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Domestic violence occurs in the lesbian, gay, bisexual and transgender (LGBT+) community with the same amount of frequency and severity as in the heterosexual community, but due to a fear of discrimination or bias, most victims don’t seek help from the police, legal and court systems.  Here at HAVEN, we strive to serve all members of our community regardless of their sexual orientation or gender identity.  

Did you know that experts believe that domestic violence occurs in the LGBT+ community with the same amount of frequency and severity as in the heterosexual community?  Society’s long history of oppression towards the LGBT+ community may prevent victims of domestic violence from seeking help from the police, or legal and court systems for fear of discrimination or bias, especially in rural communities.


That doesn't mean that you are alone, though.  HAVEN is proud to offer safe space to anyone in need of our services.


Types of abuse:

  • Physical: the threat of harm or any forceful physical behavior that intentionally or accidentally causes bodily harm or property destruction. 

  • Sexual: any forced or coerced sexual act or behavior motivated to acquire power and control over the partner. It is not only forced sexual contact but also contact that demeans or humiliates the partner and instigates feelings of shame or vulnerability – particularly in regards to the body, sexual performance or sexuality. 

  • Emotional/Verbal: any use of words, voice, action or lack of action meant to control, hurt or demean another person. Emotional abuse typically includes ridicule, intimidation or coercion. 

  • Financial: the use or misuse, without the victim’s consent, of the financial or other monetary resources of the partner or of the relationship. 

  • Identity Abuse: using personal characteristics to demean, manipulate and control the partner. Some of these tactics overlap with other forms of abuse, particularly emotional abuse. This category is comprised of the social “isms”, including racism, sexism, ageism, able-ism, beauty-ism, as well as homophobia. Includes threats to “out” victim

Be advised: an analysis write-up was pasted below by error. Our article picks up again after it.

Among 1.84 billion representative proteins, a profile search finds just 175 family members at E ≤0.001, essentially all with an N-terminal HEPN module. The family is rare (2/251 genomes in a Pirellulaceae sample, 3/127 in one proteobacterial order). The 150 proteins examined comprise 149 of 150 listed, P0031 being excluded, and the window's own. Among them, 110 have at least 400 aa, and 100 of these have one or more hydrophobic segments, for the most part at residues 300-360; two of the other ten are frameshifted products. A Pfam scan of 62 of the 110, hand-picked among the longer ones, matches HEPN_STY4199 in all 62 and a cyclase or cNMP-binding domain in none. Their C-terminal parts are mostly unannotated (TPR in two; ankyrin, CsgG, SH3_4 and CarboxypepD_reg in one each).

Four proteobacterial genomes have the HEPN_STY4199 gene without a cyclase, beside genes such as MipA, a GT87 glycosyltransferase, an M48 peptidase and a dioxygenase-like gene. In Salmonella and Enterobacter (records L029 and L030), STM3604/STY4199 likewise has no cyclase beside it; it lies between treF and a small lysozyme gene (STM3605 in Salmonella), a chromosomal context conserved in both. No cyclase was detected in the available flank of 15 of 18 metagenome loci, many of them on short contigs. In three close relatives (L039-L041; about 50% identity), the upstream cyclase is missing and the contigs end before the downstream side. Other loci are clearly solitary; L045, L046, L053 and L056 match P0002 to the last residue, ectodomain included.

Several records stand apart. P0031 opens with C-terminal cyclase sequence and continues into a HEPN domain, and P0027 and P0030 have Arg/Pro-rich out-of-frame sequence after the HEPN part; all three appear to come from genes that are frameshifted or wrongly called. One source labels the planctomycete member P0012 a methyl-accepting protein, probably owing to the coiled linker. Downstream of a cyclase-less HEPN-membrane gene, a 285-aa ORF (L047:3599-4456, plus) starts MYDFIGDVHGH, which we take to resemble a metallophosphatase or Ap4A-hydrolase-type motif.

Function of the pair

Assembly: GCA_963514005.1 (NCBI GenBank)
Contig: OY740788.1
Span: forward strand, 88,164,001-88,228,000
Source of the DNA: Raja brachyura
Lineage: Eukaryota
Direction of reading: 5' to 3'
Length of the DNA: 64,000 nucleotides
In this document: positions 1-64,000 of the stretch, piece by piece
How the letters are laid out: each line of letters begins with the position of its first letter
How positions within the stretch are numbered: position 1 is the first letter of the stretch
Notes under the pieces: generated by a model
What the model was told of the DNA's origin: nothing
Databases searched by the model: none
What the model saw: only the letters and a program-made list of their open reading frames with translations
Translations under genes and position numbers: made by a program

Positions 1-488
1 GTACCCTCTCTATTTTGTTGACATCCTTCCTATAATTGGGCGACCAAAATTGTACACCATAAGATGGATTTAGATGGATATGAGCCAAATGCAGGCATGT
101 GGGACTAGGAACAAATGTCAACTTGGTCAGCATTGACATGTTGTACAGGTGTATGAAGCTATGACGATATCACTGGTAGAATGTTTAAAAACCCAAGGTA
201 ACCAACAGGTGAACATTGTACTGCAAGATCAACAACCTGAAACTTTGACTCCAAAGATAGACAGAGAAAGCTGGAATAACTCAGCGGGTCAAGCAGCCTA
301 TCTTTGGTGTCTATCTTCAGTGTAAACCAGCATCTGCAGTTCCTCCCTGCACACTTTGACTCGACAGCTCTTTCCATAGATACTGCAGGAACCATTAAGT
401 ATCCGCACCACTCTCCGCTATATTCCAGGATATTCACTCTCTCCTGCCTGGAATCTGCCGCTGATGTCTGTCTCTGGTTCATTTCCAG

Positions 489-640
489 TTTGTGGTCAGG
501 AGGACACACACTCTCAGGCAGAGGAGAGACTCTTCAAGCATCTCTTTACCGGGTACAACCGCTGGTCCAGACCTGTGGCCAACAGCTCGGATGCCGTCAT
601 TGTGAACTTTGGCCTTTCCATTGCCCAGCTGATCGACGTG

• Transgender Abuse:  Specific forms of abuse occur in relationships where one partner is transgender, including: 

    • using offensive pronouns such as “it” to refer to the transgender partner

    • ridiculing the transgender partner’s body and/or appearance

    • telling the transgender partner that he or she is not a real man or woman

    • ridiculing the transgender partner’s identity as “bisexual,” “trans,” “femme,” “butch,” “gender queer,” etc.

    • denying the transgender partner’s access to medical treatment or hormones or coercing him or her to not pursue medical treatment


Barriers to seeking services:

  • The belief that domestic violence does not occur in LGBT+ relationships and/or is a gender-based issue

  • Societal anti-LGBT+ bias (homophobia, biphobia, and transphobia)

  • Lack of appropriate training regarding LGBT+ domestic violence for service providers.
    Note: All of HAVEN's staff is trained to handle LGBT+ issues.

  • A fear that airing of the problems among the LGBT+ population will take away from progress toward quality or fuel anti-LGBT+ bias. 

  • Domestic violence shelters are typically female only, thus transgender people may not be allowed entrance into shelters or emergency facilities due to their gender/genital/legal status.
    Note: HAVEN's shelters are available to LGBT+ individuals.


How HAVEN can help:

All of our resources and services are available to all members of our community, even those who identify as LGBT+.  This includes our shelter, advocacy, legal services, and more.  Our staff consists of well-trained, compassionate individuals of all backgrounds and identities, and that means that we're here for you.  Please contact HAVEN today!


Additional resources:



*Information above adapted from the NCADV Factsheet on LGBT+ Domestic Violence

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